Comparing Lists for Duplicates

by Allen Wyatt
(last updated January 27, 2016)

Imagine for a moment that you have a worksheet that contains lists of part numbers. On one worksheet you have a list of part numbers, and on another worksheet you have a similar list. The lists are not identical, however, and you want to determine if a particular part number on one list also appears on the other.

One solution is to somehow combine the lists, but add some sort of indicator as to which original list the particular part number came from. This approach (or a variation thereon) is, in fact, the approach taken by many Excel users.

What if you don't want to combine the lists, however? In this case, there is a very easy way to do the comparison. Follow these steps:

  1. Make sure there is a blank column just to the right of each list of part numbers on each worksheet.
  2. Select the part numbers on the first worksheet and give them a name such as "PartList1". (Use Insert | Name | Define.)
  3. Select the part numbers on the second worksheet and give them a name such as "PartList2".
  4. Assuming that the first part number on the first worksheet is in cell A2, enter the following formula in cell B2:
     =ISNUMBER(MATCH(A2,PartList2,0))
  1. Copy the formula down so that a copy appears to the right of each part number on the first worksheet.
  2. Repeat steps 4 and 5 on the second worksheet, but use the following formula:
     =ISNUMBER(MATCH(A2,PartList1,0))

When you are done, either TRUE or FALSE will appear to the right of each part number on each worksheet. If TRUE appears, the associated part number appears on the other worksheet. If FALSE appears, then the part number is unique and does not appear on the other worksheet.

Another approach is to use an array formula to do the comparisons. You could follow the same steps shown above, but use the following formula in step 4 (and PartList1 variation in step 6):

=OR(EXACT(A2,PartList2))

Since this is an array formula, you would enter it by using Shift+Ctrl+Enter. The result is the same TRUE and FALSE designation described above.

Regardless of which formula approach you use, you can use the AutoFilter capabilities of Excel to limit what is shown on either worksheet. If you filter to show only the FALSEs, you will have a list of all unique part numbers. If you filter to show TRUEs, then you will have a list of duplicates.

ExcelTips is your source for cost-effective Microsoft Excel training. This tip (2251) applies to Microsoft Excel 97, 2000, 2002, and 2003.

Author Bio

Allen Wyatt

With more than 50 non-fiction books and numerous magazine articles to his credit, Allen Wyatt is an internationally recognized author. He is president of Sharon Parq Associates, a computer and publishing services company. ...

MORE FROM ALLEN

Putting Headers and Footers on Multiple Worksheets

You can easily create headers and footers for multiple worksheets by working with a selection set of the worksheets you ...

Discover More

Determining the Length of a String

Macros are great for working with strings, and one of the most commonly used string functions is Len. This tip explains ...

Discover More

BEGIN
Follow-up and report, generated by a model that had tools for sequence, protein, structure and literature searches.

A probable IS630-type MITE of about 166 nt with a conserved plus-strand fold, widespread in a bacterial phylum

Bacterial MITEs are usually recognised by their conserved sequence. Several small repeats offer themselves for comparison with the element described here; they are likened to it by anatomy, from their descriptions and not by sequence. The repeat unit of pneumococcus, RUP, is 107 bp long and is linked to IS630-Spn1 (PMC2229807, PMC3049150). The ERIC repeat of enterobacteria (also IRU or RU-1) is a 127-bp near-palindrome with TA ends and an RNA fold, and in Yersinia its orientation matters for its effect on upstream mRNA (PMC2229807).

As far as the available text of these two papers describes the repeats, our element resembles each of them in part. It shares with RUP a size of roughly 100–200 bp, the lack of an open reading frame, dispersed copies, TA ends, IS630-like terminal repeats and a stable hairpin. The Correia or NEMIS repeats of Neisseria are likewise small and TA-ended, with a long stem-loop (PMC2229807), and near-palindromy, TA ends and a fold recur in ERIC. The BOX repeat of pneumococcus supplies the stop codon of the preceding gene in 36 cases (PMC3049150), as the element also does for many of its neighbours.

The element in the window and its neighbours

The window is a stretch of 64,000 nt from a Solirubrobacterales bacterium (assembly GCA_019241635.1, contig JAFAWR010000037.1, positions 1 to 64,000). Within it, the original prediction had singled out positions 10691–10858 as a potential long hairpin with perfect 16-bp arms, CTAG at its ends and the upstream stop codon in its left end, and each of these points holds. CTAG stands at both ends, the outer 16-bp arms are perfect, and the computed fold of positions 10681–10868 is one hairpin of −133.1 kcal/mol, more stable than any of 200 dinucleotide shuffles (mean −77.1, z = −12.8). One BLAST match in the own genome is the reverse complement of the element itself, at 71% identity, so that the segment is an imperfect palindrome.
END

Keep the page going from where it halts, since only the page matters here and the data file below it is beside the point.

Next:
Grouping Tiles on the Start Screen

The Start screen can serve as your launching pad for whatever programs you desire. You can move tiles around on the Start ...

Discover More

Excel Smarts for Beginners! Featuring the friendly and trusted For Dummies style, this popular guide shows beginners how to get up and running with Excel while also helping more experienced users get comfortable with the newest features. Check out Excel 2013 For Dummies today!

More ExcelTips (menu)

Watching Cell Values

Want to know what is happening in certain cells in your worksheet? Using the Watch Window is a great way to keep an eye ...

Discover More

Adding Buttons to Your Worksheet

You can easily add a button to your worksheet that will allow you to run various macros. This tip shows how easy it is.

Discover More

Deleting a View

When you no longer need a view, you can get rid of it by deleting it. Deleting unnecessary views is a good idea because ...

Discover More
Subscribe

FREE SERVICE: Get tips like this every week in ExcelTips, a free productivity newsletter. Enter your address and click "Subscribe."

View most recent newsletter.

Comments

If you would like to add an image to your comment (not an avatar, but an image to help in making the point of your comment), include the characters [{fig}] in your comment text. You’ll be prompted to upload your image when you submit the comment. Maximum image size is 6Mpixels. Images larger than 600px wide or 1000px tall will be reduced. Up to three images may be included in a comment. All images are subject to review. Commenting privileges may be curtailed if inappropriate images are posted.

What is three minus 3?

There are currently no comments for this tip. (Be the first to leave your comment—just use the simple form above!)


This Site

Got a version of Excel that uses the menu interface (Excel 97, Excel 2000, Excel 2002, or Excel 2003)? This site is for you! If you use a later version of Excel, visit our ExcelTips site focusing on the ribbon interface.

Newest Tips
Subscribe

FREE SERVICE: Get tips like this every week in ExcelTips, a free productivity newsletter. Enter your address and click "Subscribe."

(Your e-mail address is not shared with anyone, ever.)

View the most recent newsletter.